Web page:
Bernard Herrmann - Psycho (The Original Film Score) Hitchcock insisted that Bernard Herrmann write the score for Psycho despite the composer's refusal to accept a reduced fee for the film's lower budget. The resulting score, according to Christopher Palmer in The Composer in Hollywood (1990) is perhaps Herrmann's most spectacular Hitchcock achievement. Hitchcock was pleased with the tension and drama the score added to the film, later remarking 33% of the effect of Psycho was due to the music. The singular contribution of Herrmann's score may be inferred from the unusual penultimate placement of the composer's name in the film's opening credit sequence, as it is followed only by Hitchcock's directing credit. Herrmann used the lowered music budget to his advantage by writing for a string orchestra rather than a full symphonic ensemble, contrary to Hitchcock's request for a jazz score. He thought of the single tone color of the all-string soundtrack as a way of reflecting the black-and-white cinematography of the film. The strings play con sordini (with a muting device placed across the bridge) for all the music other than the shower scene, creating a darker and more intense effect. Hollywood composer Fred Steiner, in an analysis of the score to Psycho, points out that string instruments gave Herrmann access to a wider range in tone, dynamics, and instrumental special effects than any other single instrumental group would have. The main title music, a tense, hurtling piece, sets the tone of impending violence, and returns three times on the soundtrack. Though nothing shocking occurs during the first 15-20 minutes of the film, the title music remains in the audience's mind, lending tension to these early scenes. Herrmann also maintains tension through the slower moments in the film through the use of ostinato. Tracklist 1. Prelude/The City/Marion and Sam/Temptation 2. Flight/The Patrol Car/The Car Lot/The Package/The Rainstorm 3. Hotel Room/The Window/The Parlour/The Madhouse/The Peephole 4. The Bathroom/The Murder/The Body/The Office/The Curtain/The Water/The Car/The Swamp 5. The Search/The Shadow/Phone Booth/The Porch/The Stairs/The Knife 6. The Search/The First Floor/Cabin 10/Cabin 1 7. The Hill/The Bedroom/The Toys/The Cellar/Discovery/Finale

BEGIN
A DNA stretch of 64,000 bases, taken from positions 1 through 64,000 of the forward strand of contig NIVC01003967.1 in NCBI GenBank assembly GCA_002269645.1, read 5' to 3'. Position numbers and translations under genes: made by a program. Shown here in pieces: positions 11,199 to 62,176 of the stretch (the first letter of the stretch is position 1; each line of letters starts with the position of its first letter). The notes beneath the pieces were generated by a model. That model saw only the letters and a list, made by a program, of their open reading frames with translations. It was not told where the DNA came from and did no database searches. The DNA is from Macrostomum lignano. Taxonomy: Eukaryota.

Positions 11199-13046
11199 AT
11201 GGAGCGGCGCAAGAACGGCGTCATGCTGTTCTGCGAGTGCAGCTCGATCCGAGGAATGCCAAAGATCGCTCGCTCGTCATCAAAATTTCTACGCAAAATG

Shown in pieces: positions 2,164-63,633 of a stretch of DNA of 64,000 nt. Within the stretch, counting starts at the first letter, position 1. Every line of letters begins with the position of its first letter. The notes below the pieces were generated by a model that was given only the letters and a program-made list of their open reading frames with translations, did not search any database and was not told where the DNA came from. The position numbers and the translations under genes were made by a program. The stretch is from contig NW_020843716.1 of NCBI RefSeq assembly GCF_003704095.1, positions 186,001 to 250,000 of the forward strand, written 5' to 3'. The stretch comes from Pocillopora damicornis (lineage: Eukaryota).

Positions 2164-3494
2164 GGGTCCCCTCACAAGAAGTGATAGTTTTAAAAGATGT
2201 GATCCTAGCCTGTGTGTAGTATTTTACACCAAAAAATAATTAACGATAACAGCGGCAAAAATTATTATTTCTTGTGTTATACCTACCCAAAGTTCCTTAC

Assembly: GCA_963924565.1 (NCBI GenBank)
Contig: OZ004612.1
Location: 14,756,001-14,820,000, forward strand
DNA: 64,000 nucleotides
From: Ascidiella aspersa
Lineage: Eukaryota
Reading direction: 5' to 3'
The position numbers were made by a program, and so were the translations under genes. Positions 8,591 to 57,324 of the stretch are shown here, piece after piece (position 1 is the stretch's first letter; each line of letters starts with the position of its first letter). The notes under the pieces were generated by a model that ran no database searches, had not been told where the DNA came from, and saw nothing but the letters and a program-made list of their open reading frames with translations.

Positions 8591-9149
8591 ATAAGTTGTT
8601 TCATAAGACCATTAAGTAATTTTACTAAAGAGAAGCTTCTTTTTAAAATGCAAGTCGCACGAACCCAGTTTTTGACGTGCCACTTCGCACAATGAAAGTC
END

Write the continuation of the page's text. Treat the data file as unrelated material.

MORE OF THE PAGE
Sometimes, it doesn’t take very long to create something brilliant. When producer Robert Evans rejected Phillip Lambro’s original score for Chinatown, Jerry Goldsmith was hired to create another, from scratch, in just 10 days. To say he rose to the challenge is an understatement. Goldsmith, a 20 year veteran of the TV and movie industry with credits including Dr Kildare, Planet Of The Apes and even The Waltons theme, turned in a work that was both a career peak for him and the saviour of Roman Polanski’s masterpiece of neo-noir. What was clever about it? It wasn’t quite straight jazz, it wasn’t quite classical. It was identifiably a movie soundtrack, but an unusual one at that, leaning heavily on Uan Rasey’s mournful trumpet solos, sparingly using pianos, harps, strings and percussion, and employing sounds and crashes as overtures. It doesn’t try to speak to the film’s 1930s setting so much as to the mood and feel of the movie, a piece about political and moral corruption in a water-starved LA featuring Jack Nicholson at the absolute top of his game. “I remember [Evans] speaking about the music having a contemporary feel, contemporary meaning the ‘30s,” Goldsmith said in an interview before his 2004 death. “I said, ‘Bob, I don’t think so – you see that on the screen, why should I do that in the underscore? … Emotions are timeless.’” Originally released as a soundtrack in 1974, and long out of print, Cinewax’s reissue is remastered from the original tapes and is presented with brand new artwork by acclaimed illustrator and painter Sterling Hundley, with layout by Jay Shaw. Drop the needle and hear why Chinatown is, reportedly, David Lynch’s favorite soundtrack. Goldsmith was right about emotions… Official Black Friday Record Store Day Release Limited to 2,500 copies worldwide Newly remastered audio, pressed on Gold wax Features new artwork by renowned painter and illustrator Sterling Hundley with layout by Jay Shaw (Mondo/Death Waltz) Housed in a deluxe Stoughton tip-on jacket with folded 18”x24” poster of cover art Track Listing – Love Theme From Chinatown (Main Title) Noah Cross Easy Living Jake And Evelyn I Can't Get Started The Last Of Ida The Captive The Boy On A Horse The Way You Look Tonight The Wrong Clue J. J. Gittis Love Theme From Chinatown (End Title)
Over 600 people celebrated the publication of Mark 'Snowboy' Cotgrove's seminal 'From Jazz Funk to Fusion; Acid Jazz: The History Of The UK Jazz Dance Scene' at Cargo in Shoreditch on Sunday July 19th. The event was co-sponsored by The Barbican and was part of the Blaze Festival. Snowboy joined BBC Radio 1 DJ Gilles Peterson on the turntables and the book signing attracted serious jazz dance afficionados from all over the UK.'Couldn't put this book down - there's a lot of history here! A fine piece of work - respect to Snowboy for reminding me of a large chunk of my dj life'Gilles Peterson Tune in to Gilles' podcast with Snowboy : http://www.gillespeterson From the Seventies to the Nineties, Mark 'Snowboy' Cotgrove illuminates the evolution of the Black music and clubbing in he meticulously traces the evolution of UK Jazz Dance; touching down at all-dayers, weekenders and dozens of clubs. He interviews over 200 DJs and dancers.